Netsecurity wrote:
> Back in the late 60's I was playing with audio and a
> magazine I subscribed to had a circuit for creating
> warble tones for standing wave and room resonance
> testing.
> The relevance of this is that they were using a
> "random" noise generating chip that they acknowledged
> was not random enough for good measurements. The fix
> suggested was to parallel a number, six as I recall,
> to improve the randomness by mixing the signals to
> achieve better randomness. I don't recall the math but
> the approach improved the randomness by more than an
> order of magnitude.

If one such chip was so non random that the ear could
hear the difference from white noise or pink noise, it
is most unlikely that six together would be random
enough for cryptographic purposes.

As has often been stated on this list, the noise source
must be understood, so that we have physical theory as
to where the noise is coming from, and also tested to
make sure it is functioning in accord with theory.  No
one really understands where zener diode noise is coming

True entropy in equals true entropy out.   You need to
be able to determine the true entropy in from physical
theory, and be able to test the hardware to check it is
working in accordance with theory.

To know that a true random number generator is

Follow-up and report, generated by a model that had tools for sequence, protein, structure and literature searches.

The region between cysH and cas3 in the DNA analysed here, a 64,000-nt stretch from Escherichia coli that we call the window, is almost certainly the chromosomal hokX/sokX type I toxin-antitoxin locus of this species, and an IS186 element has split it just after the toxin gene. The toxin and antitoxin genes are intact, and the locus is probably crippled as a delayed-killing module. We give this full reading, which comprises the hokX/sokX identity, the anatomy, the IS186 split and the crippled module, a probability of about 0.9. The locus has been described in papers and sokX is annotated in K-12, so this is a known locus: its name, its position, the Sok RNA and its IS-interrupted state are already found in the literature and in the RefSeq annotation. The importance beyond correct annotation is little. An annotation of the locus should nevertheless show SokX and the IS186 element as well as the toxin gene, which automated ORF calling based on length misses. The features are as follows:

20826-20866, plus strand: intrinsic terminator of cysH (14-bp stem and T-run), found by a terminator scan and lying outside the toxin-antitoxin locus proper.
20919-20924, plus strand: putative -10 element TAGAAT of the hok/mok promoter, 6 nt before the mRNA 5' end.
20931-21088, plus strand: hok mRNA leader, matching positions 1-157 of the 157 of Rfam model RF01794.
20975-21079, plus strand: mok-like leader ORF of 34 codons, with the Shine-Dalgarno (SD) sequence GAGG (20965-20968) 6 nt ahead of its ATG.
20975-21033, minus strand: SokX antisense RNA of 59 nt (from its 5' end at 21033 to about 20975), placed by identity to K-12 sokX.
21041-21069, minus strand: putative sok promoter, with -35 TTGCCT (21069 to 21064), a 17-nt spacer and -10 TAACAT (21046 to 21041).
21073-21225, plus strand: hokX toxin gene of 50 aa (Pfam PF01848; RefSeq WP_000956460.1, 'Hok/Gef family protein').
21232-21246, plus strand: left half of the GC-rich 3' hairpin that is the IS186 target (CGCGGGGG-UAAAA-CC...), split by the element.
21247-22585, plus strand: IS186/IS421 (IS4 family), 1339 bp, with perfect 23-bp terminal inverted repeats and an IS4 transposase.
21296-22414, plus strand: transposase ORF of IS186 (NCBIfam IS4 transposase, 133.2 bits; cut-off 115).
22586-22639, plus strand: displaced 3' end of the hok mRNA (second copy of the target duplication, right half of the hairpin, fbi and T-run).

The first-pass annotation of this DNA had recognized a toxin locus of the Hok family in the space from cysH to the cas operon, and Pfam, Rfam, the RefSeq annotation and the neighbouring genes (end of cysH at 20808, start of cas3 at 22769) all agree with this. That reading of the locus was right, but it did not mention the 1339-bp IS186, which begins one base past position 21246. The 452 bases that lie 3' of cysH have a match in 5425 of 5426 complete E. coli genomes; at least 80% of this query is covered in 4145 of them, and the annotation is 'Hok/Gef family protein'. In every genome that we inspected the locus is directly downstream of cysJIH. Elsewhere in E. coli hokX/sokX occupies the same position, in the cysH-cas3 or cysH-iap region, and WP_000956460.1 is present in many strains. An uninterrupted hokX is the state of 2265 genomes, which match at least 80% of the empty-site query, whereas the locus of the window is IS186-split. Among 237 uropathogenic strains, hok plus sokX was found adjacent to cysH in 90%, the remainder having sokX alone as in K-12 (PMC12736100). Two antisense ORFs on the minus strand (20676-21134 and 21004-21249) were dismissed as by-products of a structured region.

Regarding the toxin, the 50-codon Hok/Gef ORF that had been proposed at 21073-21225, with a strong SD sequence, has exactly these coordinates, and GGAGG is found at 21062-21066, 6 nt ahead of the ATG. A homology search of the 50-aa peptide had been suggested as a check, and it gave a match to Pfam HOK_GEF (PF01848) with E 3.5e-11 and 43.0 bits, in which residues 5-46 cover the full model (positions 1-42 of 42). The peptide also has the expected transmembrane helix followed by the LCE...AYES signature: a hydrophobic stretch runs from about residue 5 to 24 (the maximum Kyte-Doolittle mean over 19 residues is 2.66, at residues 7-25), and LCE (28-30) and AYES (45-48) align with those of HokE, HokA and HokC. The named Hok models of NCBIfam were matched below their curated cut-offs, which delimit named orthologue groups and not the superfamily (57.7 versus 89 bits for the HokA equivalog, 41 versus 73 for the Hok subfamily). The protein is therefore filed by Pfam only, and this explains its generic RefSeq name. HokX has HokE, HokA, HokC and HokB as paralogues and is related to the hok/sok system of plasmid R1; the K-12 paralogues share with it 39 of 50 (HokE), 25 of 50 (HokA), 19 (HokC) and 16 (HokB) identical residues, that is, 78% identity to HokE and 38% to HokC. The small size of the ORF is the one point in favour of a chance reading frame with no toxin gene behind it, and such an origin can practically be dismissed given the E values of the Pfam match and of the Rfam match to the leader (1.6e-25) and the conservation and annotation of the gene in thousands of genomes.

cryptographically secure, you need knowledge of the
underlying hardware, knowledge that shows it derives its
randomness from the fundamental randomness of the
universe, either thermal entropy, (Johnson noise) or
quantum indeterminacy (shot noise), knowledge that
enables us to determine the good functioning of the
underlying noise amplification circuits from the
character of the output.

A good circuit would simply directly amplify the
underlying noise source, so that the entropy of the
output would be somewhat less than one entropy bit per
signal bit, thus ensuring that any malfunction of the
underlying circuit would be obvious, and then pass that
output into a hash generator, which emits hash that
outputs less bits than the true entropy.

Using SRAM as a source of either randomness or unique
device ID is fragile.  It might well work, but one
cannot know with any great confidence that it is going
to work.  It might work fine for every device for a
year, and then next batch arrives, and it completely
fails.  Worse still, it might work fine on the test
batch, and then on the production run fail in ways that
are subtle and not immediately obvious.

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